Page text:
TLS1.3 is different enough that even though the OpenSSL APIs are technically API/ABI compatible when TLS1.3 is negotiated, changes in the timing of protocol records and of callbacks broke assumptions hard-coded into the ‘tls’ module. This change introduces no API incompatibilities when TLS1.2 is negotiated. It is the intention that it be backported to current and LTS release lines with the default maximum TLS protocol reset to ‘TLSv1.2’. This will allow users of those lines to explicitly enable TLS1.3 if they want.  If you want to read more you can check out these related articles:https://developer.ibm.com/blogs/openssl-111-has-landed-in-nodejs-master-and-why-its-important-for-nodejs-lts-releases/, https://developer.ibm.com/blogs/tls13-is-coming-to-nodejs/

Properly configure default heap limits
This update will configure the JavaScript heap size based on available memory instead of using defaults that were set by V8 for use with browsers. In previous releases, unless configured, V8 defaulted to limiting the max heap size to 700 MB or 1400MB on 32 and 64-bit platforms respectively.  Configuring the heap size based on available memory ensures that Node.js does not try to use more memory than is available and terminating when its memory is exhausted.

This is particularly useful when processing large data-sets. As before, it will still be possible to set –max-old-space-size to use a different limit if the default is not appropriate for your application.

Switch default http parser to llhttp
Node.js 12 will also switch the default parser to llhttp. This will be beneficial in that it will make testing and comparing the new llhttp-based implementation easier. First introduced as llhttp experimental in v11.2.0, llhttp will be taken out of experimental in this release.

Making Native Modules Easier – progress continues
Node.js 12 continues the trend of making building and supporting native modules easier. Changes include better support for native modules in combination with Worker threads, as well as N-API (https://nodejs.org/api/n-api.html#n_api_n_api) version 4 (which has also been backported to 8.x and 10.x) which makes it easier to use your own threads for native asynchronous functions. You can read more about this and how you can leverage it in your modules in this great article here: https://medium.com/the-node-js-collection/new-features-bring-native-add-ons-close-to-being-on-par-with-js-modules-cd4f9b8e4b4

Worker Threads
Worker Threads (https://nodejs.org/api/worker_threads.html), while not new in this release, are still seeing progress. The use of Workers Threads no longer requires the use of a flag and they are progressing well towards moving out of experimental.  While Node.js already performs well with the single-threaded event loop, there are some use-cases where additional threads can be leveraged for better results. We’d like you to try them out and let us know what use cases you have where they are helpful.  For a quick introduction check out this great article: https://medium.com/@Trott/using-worker-threads-in-node-js-80494136dbb6.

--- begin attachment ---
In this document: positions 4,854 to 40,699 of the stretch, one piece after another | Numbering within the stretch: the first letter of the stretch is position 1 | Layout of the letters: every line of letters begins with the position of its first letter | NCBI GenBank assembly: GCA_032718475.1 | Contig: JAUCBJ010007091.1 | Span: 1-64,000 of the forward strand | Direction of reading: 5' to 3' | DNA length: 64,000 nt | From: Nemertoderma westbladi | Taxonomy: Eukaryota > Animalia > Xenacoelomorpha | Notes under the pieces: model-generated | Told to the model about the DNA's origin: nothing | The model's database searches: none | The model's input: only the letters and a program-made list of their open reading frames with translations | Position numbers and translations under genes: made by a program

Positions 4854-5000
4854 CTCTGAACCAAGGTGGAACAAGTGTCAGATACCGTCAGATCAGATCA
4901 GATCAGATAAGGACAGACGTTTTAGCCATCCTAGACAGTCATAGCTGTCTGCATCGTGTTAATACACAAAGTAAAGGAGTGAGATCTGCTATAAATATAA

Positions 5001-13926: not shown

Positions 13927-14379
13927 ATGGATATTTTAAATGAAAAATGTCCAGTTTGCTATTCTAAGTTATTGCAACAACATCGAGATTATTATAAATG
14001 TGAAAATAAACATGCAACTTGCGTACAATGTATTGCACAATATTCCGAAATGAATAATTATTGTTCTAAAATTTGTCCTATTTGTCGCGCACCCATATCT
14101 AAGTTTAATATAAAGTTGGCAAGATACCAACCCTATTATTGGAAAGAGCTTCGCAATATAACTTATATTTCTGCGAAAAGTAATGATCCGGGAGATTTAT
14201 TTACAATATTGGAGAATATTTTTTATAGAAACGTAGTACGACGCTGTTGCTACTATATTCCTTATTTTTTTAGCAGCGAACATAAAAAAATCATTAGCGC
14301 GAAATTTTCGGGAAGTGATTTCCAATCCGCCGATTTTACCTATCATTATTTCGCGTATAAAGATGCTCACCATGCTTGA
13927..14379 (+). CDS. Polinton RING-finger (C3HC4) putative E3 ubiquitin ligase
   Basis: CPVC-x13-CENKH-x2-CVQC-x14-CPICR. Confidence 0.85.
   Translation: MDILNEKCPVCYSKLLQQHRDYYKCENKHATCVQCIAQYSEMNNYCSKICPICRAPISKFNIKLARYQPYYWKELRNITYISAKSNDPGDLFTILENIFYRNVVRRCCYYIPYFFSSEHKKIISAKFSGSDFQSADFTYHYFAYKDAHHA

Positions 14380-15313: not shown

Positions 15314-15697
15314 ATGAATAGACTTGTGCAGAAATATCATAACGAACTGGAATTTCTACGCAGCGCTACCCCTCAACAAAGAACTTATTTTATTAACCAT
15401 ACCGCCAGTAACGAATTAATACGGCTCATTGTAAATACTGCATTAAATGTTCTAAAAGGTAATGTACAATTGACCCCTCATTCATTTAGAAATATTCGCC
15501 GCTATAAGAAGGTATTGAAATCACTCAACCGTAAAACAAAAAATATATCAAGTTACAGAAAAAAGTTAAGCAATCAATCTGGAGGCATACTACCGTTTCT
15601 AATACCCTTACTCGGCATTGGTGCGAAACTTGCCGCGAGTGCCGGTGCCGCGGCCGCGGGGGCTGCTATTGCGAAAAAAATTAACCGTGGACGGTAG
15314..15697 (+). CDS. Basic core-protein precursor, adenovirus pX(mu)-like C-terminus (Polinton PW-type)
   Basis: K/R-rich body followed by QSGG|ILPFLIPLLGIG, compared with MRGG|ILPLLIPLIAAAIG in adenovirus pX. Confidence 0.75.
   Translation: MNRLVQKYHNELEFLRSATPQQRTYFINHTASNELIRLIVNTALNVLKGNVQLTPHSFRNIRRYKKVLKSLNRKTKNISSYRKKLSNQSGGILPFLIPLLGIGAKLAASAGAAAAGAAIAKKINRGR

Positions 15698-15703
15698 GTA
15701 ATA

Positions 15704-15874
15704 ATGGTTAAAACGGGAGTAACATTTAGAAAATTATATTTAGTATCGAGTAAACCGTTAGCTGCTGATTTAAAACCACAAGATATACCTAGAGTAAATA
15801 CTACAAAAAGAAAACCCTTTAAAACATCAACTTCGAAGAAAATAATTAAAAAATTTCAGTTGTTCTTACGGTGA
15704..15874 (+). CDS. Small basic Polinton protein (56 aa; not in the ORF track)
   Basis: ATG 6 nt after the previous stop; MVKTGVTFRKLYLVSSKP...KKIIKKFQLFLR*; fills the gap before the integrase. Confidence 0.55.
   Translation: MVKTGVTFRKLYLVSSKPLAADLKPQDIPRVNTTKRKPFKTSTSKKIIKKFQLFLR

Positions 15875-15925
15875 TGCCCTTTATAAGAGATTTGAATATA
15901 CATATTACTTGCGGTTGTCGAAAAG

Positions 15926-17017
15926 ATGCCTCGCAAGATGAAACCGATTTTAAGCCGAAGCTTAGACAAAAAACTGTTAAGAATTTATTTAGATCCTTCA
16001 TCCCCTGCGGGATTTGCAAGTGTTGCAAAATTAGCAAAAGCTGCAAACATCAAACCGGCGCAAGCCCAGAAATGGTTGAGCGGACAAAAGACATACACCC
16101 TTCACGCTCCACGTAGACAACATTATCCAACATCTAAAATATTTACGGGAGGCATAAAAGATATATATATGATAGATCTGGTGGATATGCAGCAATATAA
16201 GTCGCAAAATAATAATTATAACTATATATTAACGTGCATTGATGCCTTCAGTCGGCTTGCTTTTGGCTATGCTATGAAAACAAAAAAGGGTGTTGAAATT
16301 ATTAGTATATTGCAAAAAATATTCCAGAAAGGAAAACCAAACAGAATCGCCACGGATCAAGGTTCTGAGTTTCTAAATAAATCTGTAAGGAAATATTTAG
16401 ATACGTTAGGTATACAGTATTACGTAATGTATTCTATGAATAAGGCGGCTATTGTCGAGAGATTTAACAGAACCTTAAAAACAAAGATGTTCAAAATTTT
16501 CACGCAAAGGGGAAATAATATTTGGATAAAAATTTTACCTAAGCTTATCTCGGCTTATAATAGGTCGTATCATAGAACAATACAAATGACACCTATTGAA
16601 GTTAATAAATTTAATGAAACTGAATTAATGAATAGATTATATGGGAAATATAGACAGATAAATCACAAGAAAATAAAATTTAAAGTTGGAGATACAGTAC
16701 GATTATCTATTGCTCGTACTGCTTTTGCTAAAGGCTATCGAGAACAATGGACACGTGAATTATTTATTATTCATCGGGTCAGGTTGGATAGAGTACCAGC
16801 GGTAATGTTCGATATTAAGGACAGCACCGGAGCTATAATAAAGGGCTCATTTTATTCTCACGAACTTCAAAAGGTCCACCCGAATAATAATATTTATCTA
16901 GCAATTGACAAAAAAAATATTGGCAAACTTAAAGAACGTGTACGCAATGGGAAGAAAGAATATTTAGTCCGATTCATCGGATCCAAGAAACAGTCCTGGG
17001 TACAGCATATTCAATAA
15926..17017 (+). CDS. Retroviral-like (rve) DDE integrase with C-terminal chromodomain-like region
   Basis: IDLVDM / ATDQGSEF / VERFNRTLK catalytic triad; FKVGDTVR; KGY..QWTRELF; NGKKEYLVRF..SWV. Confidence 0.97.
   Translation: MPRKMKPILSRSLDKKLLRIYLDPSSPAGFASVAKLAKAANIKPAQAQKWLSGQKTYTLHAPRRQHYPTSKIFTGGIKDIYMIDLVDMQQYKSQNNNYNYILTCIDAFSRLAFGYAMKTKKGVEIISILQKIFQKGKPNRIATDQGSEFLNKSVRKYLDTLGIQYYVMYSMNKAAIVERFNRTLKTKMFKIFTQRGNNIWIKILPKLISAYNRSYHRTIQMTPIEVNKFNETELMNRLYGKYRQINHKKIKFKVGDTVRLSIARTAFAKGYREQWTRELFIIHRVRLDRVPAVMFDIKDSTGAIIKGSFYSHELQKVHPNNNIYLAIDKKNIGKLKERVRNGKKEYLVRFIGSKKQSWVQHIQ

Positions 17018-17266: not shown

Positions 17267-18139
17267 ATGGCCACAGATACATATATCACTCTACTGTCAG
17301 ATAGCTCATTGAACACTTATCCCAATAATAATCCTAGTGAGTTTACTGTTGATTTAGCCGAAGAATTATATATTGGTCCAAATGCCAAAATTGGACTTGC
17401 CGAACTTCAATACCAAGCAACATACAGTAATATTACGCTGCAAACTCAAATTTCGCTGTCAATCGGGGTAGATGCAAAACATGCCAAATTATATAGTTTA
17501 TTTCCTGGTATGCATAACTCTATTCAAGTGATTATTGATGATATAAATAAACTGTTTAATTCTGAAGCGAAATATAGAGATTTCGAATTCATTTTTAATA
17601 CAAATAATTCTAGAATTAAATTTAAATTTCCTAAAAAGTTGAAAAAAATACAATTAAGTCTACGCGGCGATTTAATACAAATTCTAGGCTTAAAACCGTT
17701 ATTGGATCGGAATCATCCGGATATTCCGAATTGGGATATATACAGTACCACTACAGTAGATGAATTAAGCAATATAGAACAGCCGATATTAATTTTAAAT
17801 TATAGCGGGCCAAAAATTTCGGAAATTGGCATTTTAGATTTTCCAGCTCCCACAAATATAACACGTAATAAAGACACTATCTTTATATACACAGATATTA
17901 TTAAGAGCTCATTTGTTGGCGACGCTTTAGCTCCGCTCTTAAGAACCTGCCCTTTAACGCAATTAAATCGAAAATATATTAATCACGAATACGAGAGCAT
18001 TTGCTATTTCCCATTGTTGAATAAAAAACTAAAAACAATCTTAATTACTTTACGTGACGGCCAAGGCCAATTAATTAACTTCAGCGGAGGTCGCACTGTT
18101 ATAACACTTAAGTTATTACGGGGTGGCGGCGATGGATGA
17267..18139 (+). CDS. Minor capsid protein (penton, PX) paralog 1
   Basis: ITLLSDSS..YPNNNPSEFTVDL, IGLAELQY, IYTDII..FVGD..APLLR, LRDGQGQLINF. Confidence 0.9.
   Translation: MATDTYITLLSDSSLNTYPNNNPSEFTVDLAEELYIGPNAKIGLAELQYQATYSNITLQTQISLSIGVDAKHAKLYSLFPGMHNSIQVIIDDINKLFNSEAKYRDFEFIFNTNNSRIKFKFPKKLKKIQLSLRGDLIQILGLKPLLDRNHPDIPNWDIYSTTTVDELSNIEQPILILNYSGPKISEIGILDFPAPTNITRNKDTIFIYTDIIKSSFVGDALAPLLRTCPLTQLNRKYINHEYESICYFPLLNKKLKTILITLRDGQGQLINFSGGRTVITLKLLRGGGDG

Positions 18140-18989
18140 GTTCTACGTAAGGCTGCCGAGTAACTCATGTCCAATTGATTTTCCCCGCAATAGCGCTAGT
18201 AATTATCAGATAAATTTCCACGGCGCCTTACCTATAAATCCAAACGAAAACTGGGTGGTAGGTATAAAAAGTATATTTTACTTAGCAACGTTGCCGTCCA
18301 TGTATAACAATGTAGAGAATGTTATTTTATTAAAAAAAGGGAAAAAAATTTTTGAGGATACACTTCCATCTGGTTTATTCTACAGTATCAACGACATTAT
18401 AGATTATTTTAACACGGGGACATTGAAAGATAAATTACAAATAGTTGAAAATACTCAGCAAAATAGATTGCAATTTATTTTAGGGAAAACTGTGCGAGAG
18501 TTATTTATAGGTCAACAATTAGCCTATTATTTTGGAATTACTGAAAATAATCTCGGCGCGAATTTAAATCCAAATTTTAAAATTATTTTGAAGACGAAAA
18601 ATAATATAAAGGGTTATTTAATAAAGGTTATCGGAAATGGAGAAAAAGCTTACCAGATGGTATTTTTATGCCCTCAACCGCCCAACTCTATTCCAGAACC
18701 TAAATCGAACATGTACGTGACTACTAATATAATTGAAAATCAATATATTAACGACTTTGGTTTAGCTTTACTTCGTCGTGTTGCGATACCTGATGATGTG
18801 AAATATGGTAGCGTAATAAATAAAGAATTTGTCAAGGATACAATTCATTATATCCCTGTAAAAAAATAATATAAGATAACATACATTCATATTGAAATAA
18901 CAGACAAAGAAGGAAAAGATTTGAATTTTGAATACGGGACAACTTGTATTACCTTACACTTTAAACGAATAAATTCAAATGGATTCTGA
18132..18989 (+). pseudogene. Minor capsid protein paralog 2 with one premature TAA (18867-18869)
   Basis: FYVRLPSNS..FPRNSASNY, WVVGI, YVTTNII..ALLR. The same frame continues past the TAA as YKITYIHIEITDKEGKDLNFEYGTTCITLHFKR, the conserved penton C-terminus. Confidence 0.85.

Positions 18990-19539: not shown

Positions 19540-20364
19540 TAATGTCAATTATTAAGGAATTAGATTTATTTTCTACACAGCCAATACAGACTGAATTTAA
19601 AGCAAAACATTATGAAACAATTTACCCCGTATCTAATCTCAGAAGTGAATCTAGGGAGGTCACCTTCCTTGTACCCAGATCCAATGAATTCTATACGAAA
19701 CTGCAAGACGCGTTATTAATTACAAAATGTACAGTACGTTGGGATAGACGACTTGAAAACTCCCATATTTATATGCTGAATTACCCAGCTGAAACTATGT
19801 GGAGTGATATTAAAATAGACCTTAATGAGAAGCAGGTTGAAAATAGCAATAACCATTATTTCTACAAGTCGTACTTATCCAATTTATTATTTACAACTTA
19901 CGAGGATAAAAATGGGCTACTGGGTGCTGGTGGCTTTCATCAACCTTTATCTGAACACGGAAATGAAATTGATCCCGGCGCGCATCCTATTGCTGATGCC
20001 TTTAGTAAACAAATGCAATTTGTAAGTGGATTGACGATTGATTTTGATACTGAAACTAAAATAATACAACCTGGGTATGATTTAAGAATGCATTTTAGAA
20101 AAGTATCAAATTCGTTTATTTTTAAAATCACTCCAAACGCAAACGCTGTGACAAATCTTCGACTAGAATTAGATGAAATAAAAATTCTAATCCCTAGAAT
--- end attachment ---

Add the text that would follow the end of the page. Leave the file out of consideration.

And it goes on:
Diagnostic Reports
Node.js 12 brings with it a new experimental feature “Diagnostic report.”  This allows you to generate a report on demand or when certain events occur.  This report contains information that can be useful to help diagnose problems in production including crashes, slow performance, memory leaks, high CPU usage, unexpected errors and more.  You can read more about it in this great article: https://medium.com/the-node-js-collection/easily-identify-problems-in-node-js-applications-with-diagnostic-report-dc82370d8029.

Heap Dumps
If you ever needed to generate heap dumps in order to investigate memory issues but were slowed down by having to install a new module into production, the good news is that Node.js 12 brings integrated heap dump capability out of the box. You can check out the documentation in https://github.com/nodejs/node/pull/27133 and https://github.com/nodejs/node/pull/26501 to learn more.  

Startup Improvements
In Node.js 11 we shipped built-in code cache support in workers – when loading built-in libraries written in JavaScript, if the library was previously compiled on the main thread, the worker thread no longer needs to compile it from scratch but can reuse the v8 code cache generated by the main thread to speed up compilation. Similarly, the main thread can reuse the cache generated by workers. This gave a roughly 60% speedup for the startup of workers.

Now in Node.js 12 we generate the code cache for built-in libraries in advance at build time, and embed it in the binary, so in the final release, the main thread can use the code cache to start up the initial load of any built-in library written in JavaScript. This gives a ~30% speedup in startup time for the main thread.

ES6 Module Support
Node.js 12 brings an updated experimental version of support for ES6 modules. It is an important step toward a supported implementation and we’d like you to try it out and give us feedback.  For more details check out this great blog post.

New compiler and platform minimums
Node.js and V8 continue to embrace newer C++ features and take advantage of newer compiler optimizations and security enhancements. With the release of Node.js 12, the codebase now requires a minimum of GCC 6 and glibc 2.17 on platforms other than macOS and Windows. Binaries released at Node.js org use this new toolchain minimum and therefore include new compile-time performance and security enhancements.